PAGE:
Level three: Become a freelance star
It's hard to predict what will win future work, new clients or positive media coverage, as there's no tried-and-tested formula. Solsona has exhibited his work at events in Barcelona, Helsinki and London.
He says the exhibitions helped him personally, but didn't win him new clients directly. That wasn't the aim, however. "All the pieces I exhibited at the shows were already produced beforehand and were then selected to be part of an exhibition," he explains.
It's also worth remembering that it's virtually impossible to measure the cumulative effect of social media, blogs and other profile-boosting activity in terms of commissions won or money earned.
"What really helps me to keep developing creatively is to have personal projects going on permanently and to be open to any sort of project, even though it may seem a bit out of my comfort zone, since there's always a professional challenge on offer," says Solsona.
Fowkes' freelance career snowballed after he created the Sony Music Timeline – a graphic installation documenting the company's 125-year history.
Since then he's created a typographic installation in the home of singer Olly Murs, worked on an array of commissions for Urban Outfitters, created a London Underground poster campaign for a dating website, and published a book titled Drawing Type: An Introduction to Illustrating Letterforms.
"I've been really fortunate because the design blogs have picked up a lot of these projects," he says. "I work on a lot of special projects and one-offs, and because of that the brand will really get behind the idea and push it. That means I get to play around with it, and then the blogs catch on because it's often something unique. That's great because I like to have fun and play."
Keep it fresh
What's problematic is when new clients expect him to repeat or reproduce a one-off project for them. "I get lots of people saying they want me to do something similar to the Sony piece," he explains. This is an example of why it's so important to have a sense of the person behind the portfolio. For Fowkes, this means creating a clear impression of his style and unique offering.
Many of Fowkes' projects have come through commissioning agencies. For these collaborations to work, it helps if you have a good understanding of where the agency sits in the overall process – and, he says, if you appreciate that the agency may approach the schedule and priorities differently. "Don't be afraid to keep in contact with them," he advises. "They're very hectic and are doing so many things at once."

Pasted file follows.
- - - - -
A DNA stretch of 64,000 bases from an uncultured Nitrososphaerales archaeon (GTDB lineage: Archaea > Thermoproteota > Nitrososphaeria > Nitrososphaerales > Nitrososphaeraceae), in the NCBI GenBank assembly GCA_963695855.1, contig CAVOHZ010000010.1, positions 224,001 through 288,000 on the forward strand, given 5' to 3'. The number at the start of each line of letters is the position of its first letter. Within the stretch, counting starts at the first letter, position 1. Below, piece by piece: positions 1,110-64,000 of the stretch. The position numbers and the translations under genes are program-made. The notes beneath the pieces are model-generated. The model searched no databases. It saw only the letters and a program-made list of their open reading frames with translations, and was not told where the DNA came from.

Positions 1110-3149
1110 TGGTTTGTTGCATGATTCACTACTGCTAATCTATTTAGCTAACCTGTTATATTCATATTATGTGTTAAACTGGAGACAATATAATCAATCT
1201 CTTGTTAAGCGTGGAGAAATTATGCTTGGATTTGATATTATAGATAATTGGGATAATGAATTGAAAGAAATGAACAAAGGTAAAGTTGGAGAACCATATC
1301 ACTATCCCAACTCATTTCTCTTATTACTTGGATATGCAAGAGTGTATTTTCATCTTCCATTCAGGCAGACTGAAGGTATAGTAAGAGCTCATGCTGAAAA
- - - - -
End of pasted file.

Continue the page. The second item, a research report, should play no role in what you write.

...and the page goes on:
"The fact that you're a freelancer means they see you as someone who's doing them a favour, and they won't mind if you email and say, 'Hey, I'd like to know what's going on with this project.' Don't assume you would have heard there was an update – they're doing 10 million things at once and the project that could be everything to you isn't necessarily everything to them at that time."
He gives the example of a two-week wait for news on whether a project is actually going ahead. "You might be sitting there thinking it must have fallen through because it's been two weeks, then all of a sudden it's on and they need it by the end of the week. It can be quite a rollercoaster and you need to be versatile."
Of course, the same could be said about almost any aspect of freelancing, but it's particularly important to keep in mind if you're working in-house.
"If you're freelancing at a studio, it's important to fit in and be part of the team," says MJ Jackson. "You'll get more out of it yourself – and the permanent members of the team will be more comfortable with you being parachuted in."
"I never liked it when a freelancer came into my studio and had the loudest voice," he admits, "but by the same token, a timid hermit who never stands the tea round is the very worst type of freelancer."